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Anxiety by diagnosis: where to draw the line between stress and mental illness

The+oversimplification+and+trivialization+of+mental+health+is+a+commonplace+practice.+As+a+result%2C+it+has+become+difficult+to+distinguish+between+what+is+a+natural+reaction+and+what+requires+medical+assistance.
The oversimplification and trivialization of mental health is a commonplace practice. As a result, it has become difficult to distinguish between what is a natural reaction and what requires medical assistance.

The oversimplification and trivialization of mental health is a commonplace practice. As a result, it has become difficult to distinguish between what is a natural reaction and what requires medical assistance.

Kelly Wei

Kelly Wei

The oversimplification and trivialization of mental health is a commonplace practice. As a result, it has become difficult to distinguish between what is a natural reaction and what requires medical assistance.

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When asked to speak on the casual culture of misused mental health terminologies, Coppell High School junior Rishi Lekkala almost rolls her eyes.

 

“It’s not a crime,” Lekkala said. “I’ve probably done something like that. It’s just a matter of ignorance, and not knowing the difference between experience and throwing it out second-hand, where you think it’s applicable.”

 

She is right. It is not a crime. Even if it were, it would hardly matter – the oversimplification and trivialization of mental health is a commonplace practice, so ubiquitously present in today’s emerging generation that the idea of policing it is utterly implausible.

 

Scroll through your phone, and you will be quick to find the incriminating handprints of your best friend, your boyfriend or girlfriend, maybe even your own:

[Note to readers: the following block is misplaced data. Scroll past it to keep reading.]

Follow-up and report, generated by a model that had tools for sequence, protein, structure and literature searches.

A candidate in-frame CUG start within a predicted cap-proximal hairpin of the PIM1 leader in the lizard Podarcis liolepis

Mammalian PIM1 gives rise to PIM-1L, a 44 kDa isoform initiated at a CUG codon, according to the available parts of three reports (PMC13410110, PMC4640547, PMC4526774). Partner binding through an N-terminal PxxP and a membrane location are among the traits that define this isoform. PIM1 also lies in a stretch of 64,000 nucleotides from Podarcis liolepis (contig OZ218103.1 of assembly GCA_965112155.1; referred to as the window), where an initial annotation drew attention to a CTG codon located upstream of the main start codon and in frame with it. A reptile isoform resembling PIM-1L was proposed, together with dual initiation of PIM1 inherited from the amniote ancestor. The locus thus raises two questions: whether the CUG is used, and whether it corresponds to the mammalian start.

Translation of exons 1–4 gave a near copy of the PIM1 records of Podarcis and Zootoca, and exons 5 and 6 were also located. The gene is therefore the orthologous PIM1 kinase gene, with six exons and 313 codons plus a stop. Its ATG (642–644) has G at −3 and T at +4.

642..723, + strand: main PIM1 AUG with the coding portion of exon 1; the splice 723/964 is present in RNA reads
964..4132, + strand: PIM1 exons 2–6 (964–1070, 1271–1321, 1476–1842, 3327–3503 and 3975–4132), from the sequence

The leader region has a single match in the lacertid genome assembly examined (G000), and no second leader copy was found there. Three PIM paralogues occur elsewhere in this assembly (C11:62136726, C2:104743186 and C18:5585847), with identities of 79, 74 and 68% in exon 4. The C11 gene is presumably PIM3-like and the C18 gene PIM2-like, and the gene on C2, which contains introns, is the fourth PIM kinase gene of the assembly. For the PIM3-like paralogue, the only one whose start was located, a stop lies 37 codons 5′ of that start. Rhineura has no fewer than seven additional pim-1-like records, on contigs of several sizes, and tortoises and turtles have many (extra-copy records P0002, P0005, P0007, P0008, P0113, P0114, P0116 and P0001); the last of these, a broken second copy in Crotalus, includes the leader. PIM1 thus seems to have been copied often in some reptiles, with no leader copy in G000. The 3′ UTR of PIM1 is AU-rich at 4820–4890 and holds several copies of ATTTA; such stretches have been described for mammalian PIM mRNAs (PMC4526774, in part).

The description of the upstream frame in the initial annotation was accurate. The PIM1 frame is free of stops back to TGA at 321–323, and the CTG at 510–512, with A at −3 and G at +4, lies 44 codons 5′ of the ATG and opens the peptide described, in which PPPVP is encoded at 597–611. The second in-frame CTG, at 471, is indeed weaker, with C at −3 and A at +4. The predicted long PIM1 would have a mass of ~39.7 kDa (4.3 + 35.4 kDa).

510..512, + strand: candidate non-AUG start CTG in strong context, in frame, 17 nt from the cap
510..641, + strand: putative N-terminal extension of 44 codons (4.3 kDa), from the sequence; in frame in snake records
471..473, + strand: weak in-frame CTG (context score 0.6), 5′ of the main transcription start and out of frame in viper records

kms!!!!! that test sucked

 

hahah i’m gonna have an anxiety attack over this presentation

 

my ocd is going haywire today LOL

 

Anxiety disorders, in particular, are referenced often.

 

Defined by the National Institute of Mental Health (NIMH) as fits of “excessive anxiety or worry” for prolonged periods of time, anxiety is often supplemented by restlessness, fatigue, difficulty concentrating, irritability and sleep problems.

 

Generalized Anxiety Disorder, Panic Disorder and Social Disorder, amongst other variations, are all serious medical conditions that can greatly inhibit the lives of those who suffer from these disorders.

 

However, much of the gravity of the word ‘anxiety’ has been lost. With high school students today working harder than any other generation before them, many have deviated from the whimsical old school imagery of letterman jackets and football pep rallies, moving instead to acclimate to the academically driven environment of the modern high school, ridden with standardized tests, class rank, GPA and increasingly competitive college prospects.

 

Stress is a natural, almost expected reaction to all of these developments.

 

However, stress is also exactly just that: a natural response to the unique challenges this generation is being presented by.

 

As the NIMH states, “Occasional anxiety is a normal part of life. You might feel anxious when faced with a problem at work, before taking a test, or making an important decision.”

 

Anxiety disorder as a diagnosis, on the other hand, is a different beast, involving more than temporary worry or fear. For a person with an anxiety disorder, the anxiety does not go away and can get worse over time.

 

CHS junior Jennie* seems outwardly perfect. With smooth blonde hair and a bright grin, she is the farthest from what typically comes to mind when the subject of anxiety is brought up.